Saving threatened habitats worldwide

Misiones Rainforest project presented at Rio+20

20 June, 2012 - 16:20 -- World Land Trust
Misiones Rainforest Corridor project

A World Land Trust (WLT) initiative will be showcased at Rio+20 for its innovative methods to conserve biodiversity by working with indigenous communities

On June 19, the Misiones State Government presented WLT’s project to save the Atlantic Rainforest in Argentina at the Rio+20 Earth Summit.

The summit, formally known as the United Nations Conference on Sustainable Development, officially begins today (June 20) after a week of related events and conferences, designed to debate and address the world’s urgent environmental issues.

The government presented WLT’s Misiones Rainforest Corridor project at the ‘World Summit of States and Regions’, heralding it as a ground-breaking initiative to conserve biodiversity while upholding the traditional rights of indigenous communities.

Multicultural Alliance representatives

After signing the Multicultural Alliance, John Burton (WLT CEO) is photographed with the three Guarani Caciques (heads), Viviana Rovira (the Minister of Environment of Misiones Province), and Nicholas Laharrague (CEO of Moconá Forestal, the original owner of the land) © WLT

Behind the success

In April, a Multicultural Agreement was reached with three Guaraní communities, their neighbours and the government, settling over 16 years of dispute over the future of their shared land in Misiones, in north-eastern Argentina. This was an innovative agreement never before seen in the country and a resolution could not have been achieved without the work of WLT and professional negotiator, Javier Jimenez.

The Multicultural Agreement will see 9,301 acres (3,764 hectares) of Atlantic Rainforest designated as a protected nature reserve, the Emerald Green Corridor, managed for conservation by WLT partner organisations Fundación Naturaleza para el Futuro (FuNaFu) and Biodiversidad.

The land will be designated as Traditional Indigenous Lands, meaning it will belong to Guaraní communities but they have agreed to and strongly support a number of restrictions that will protect the biodiversity of the habitat.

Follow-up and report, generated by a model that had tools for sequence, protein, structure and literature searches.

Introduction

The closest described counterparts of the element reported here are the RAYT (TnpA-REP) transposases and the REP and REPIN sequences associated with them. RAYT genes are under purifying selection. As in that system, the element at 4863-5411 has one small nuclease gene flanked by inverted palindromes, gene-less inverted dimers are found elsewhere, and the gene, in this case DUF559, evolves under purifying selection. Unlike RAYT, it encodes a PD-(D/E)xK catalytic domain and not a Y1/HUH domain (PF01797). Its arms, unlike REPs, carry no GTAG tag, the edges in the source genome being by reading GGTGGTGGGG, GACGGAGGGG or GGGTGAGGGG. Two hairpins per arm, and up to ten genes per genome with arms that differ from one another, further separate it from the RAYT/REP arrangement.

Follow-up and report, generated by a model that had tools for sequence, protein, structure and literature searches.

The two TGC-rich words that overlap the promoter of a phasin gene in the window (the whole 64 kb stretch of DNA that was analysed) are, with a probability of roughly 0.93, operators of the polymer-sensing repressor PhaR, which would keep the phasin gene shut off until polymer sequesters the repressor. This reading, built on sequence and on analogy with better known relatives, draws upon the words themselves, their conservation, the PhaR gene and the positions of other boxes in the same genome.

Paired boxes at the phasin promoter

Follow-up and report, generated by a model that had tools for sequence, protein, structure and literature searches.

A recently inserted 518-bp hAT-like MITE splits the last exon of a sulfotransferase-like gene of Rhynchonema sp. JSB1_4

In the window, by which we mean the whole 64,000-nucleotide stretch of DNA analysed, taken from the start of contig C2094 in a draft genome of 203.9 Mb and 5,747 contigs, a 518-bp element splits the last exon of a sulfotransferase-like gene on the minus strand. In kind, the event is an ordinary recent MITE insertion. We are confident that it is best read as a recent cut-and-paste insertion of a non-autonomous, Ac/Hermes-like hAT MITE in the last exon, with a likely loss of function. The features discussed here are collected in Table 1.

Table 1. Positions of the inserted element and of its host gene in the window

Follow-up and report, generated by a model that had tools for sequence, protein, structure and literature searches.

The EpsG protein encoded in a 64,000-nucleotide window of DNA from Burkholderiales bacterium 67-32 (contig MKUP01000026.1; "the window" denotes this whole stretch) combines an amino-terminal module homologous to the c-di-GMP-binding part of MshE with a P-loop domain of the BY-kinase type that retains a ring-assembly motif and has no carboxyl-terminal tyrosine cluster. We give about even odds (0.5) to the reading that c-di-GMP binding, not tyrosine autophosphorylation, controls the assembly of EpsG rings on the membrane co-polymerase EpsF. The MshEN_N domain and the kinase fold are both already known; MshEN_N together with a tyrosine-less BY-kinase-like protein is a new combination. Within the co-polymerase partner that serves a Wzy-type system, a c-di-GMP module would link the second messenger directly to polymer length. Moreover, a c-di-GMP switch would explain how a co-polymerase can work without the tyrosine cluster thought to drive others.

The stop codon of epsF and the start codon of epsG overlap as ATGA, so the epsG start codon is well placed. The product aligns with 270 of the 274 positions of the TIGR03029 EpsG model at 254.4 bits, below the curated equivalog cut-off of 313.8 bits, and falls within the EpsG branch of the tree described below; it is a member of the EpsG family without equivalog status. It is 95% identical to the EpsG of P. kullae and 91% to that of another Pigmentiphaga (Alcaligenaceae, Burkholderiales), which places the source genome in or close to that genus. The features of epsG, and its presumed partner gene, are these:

Guarani communities

Guarani family welcomes John Burton (WLT CEO) to their village the day after he signs the Multicultural Alliance, they later sing a traditional song in thanks © WLT

Land’s biodiversity value

We have lost 93 per cent of the Atlantic Rainforest – it once stretched through Brazil, Uruguay, Paraguay and Argentina, but is now a forest ecosystem more threatened than the Amazon Rainforest. The last strong hold of Atlantic Rainforest lies in the north of Argentina, where WLT has been working on the Misiones Rainforest Corridor project for six years.

The project area is home to a wealth of wildlife; Pumas and Jaguars roam the forest, families of noisy Howler Monkeys roar in the tree top canopy, endangered Giant Otters fish in the Uruguay River, while huge Harpy Eagles soar across the skies – the largest and most powerful raptor found in the Americas.

The Emerald Green Corridor is the project’s first land purchase success and WLT’s partner, Biodiversidad, have started working with the Guaraní communities to draw up a conservation plan to protect these species and the forest’s rich biodiversity. 

Project’s future

Once the Emerald Green Corridor is being managed for conservation, WLT plans to continue working closely with indigenous communities to protect more land in this region, with the aim of eventually securing a continuous protected area of 100,000 acres (42,000 ha) stretching into neighbouring Brazil.

By taking the project to Rio+20, the Misiones State Government is showing great support for the continued success of this initiative – committing to the protection of the last remaining stronghold of Atlantic Rainforest while upholding traditional indigenous rights.

More information

Watch a video about this landmark conservation agreement with indigenous communities:

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